ATV

 

Speaking at Code Conference Wednesday night, Apple’s head of online services Eddy Cue took a swipe at the current state of television and presented his take on where the future of that industry lies. According to Cue, Apple TV sales have risen in recent years and over 20 million of the set-top box have been sold to date. Cue says that the device is billion-dollar business now and is expected to continue growing.

However, the Apple TV isn’t a true TV replacement. Cue took a few moments to point out just how much using TV “sucks” and bemoan the current range of DVR devices. He even went so far as to compare current technology with the VCRs of a bygone era—and he’s not wrong. Cue cited drawbacks such as having to remember to set a recording or trying to manage storage on the recorder as reasons on-demand streaming through the Apple TV is growing in popularity.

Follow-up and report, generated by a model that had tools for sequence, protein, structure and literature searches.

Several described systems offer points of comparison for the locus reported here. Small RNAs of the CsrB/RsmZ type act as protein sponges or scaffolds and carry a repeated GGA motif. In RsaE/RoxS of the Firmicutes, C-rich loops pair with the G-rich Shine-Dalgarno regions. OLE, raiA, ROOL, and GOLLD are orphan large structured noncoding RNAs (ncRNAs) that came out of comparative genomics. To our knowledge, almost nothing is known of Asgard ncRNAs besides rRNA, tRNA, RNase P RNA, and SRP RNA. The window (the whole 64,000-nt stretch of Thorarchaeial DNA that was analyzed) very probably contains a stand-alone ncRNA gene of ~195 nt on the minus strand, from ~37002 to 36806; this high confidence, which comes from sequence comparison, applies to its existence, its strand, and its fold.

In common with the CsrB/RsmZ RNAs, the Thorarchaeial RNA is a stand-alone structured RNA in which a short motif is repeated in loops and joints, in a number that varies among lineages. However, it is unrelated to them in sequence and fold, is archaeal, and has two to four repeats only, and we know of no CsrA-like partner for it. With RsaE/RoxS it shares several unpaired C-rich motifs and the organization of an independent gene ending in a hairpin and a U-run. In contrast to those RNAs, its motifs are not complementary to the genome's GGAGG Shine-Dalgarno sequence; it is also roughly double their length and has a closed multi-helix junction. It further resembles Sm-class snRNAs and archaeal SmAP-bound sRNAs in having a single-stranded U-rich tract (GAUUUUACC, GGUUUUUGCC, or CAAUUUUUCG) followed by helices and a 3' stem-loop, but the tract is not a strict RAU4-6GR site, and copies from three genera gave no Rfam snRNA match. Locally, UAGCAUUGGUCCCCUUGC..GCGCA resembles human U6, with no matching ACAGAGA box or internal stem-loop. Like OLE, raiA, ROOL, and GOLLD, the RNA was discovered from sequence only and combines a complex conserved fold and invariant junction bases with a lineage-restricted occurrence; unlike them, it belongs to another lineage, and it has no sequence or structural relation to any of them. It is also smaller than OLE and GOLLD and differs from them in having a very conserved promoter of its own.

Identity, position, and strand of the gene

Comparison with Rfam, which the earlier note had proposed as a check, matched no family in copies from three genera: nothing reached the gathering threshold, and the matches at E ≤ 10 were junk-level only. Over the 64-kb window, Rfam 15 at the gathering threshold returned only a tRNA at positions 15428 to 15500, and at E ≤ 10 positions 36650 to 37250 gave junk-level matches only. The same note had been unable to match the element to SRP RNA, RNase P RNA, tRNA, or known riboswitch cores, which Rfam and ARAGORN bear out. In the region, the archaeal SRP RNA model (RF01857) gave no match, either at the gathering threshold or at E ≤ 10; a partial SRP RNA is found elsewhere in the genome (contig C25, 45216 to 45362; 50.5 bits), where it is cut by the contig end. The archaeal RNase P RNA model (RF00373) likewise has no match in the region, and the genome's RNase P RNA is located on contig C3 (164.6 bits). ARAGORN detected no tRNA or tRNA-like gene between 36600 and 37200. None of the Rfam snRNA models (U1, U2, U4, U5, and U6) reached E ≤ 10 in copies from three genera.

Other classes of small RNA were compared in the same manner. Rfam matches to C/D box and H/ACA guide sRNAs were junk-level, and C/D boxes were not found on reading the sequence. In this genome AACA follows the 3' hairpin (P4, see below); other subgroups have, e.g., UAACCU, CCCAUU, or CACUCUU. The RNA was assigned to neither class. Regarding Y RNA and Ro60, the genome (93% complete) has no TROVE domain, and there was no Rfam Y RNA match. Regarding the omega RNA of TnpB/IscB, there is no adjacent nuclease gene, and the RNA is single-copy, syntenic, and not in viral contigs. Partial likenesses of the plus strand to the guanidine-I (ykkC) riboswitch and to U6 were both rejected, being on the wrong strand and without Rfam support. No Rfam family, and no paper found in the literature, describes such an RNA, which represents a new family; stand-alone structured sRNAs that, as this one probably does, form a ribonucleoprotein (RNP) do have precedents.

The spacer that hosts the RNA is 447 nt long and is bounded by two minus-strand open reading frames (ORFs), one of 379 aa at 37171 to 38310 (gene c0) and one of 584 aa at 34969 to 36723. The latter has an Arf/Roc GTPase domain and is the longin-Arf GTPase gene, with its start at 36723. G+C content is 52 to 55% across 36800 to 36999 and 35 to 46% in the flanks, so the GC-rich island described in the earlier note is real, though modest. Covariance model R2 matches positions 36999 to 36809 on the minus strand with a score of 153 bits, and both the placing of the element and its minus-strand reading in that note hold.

That’s not to say he’s especially fond of today’s on-demand systems either, though. Not only did Cue have sharp criticisms for modern recording tech, he even jabbed at the streaming experience on the iPad, noting that the process of authenticating with a cable provider to access streaming content is less-than-ideal. So what’s his solution?

Unfortunately he doesn’t have one just yet. Cue says the TV landscape is a “complicated issue” due to the lack of universal standards between regions in the United States, let alone globally. Content rights, goverment regulations, the sheer number of companies involved in the production and distribution process, and a host of other issues have prevented the creation of a solid, user-friendly TV platform. For now, Cue says, the Apple TV “will continue to evolve” as the company continues to “improv[e] the experience.”

Jimmy Iovine, who officially joined Apple today as the company announced a $3 billion purchase of Beats Electronics, noted that he has no interest in creating content for Apple or anyone else. Instead, he’s focusing his efforts on perfecting content distribution and curation.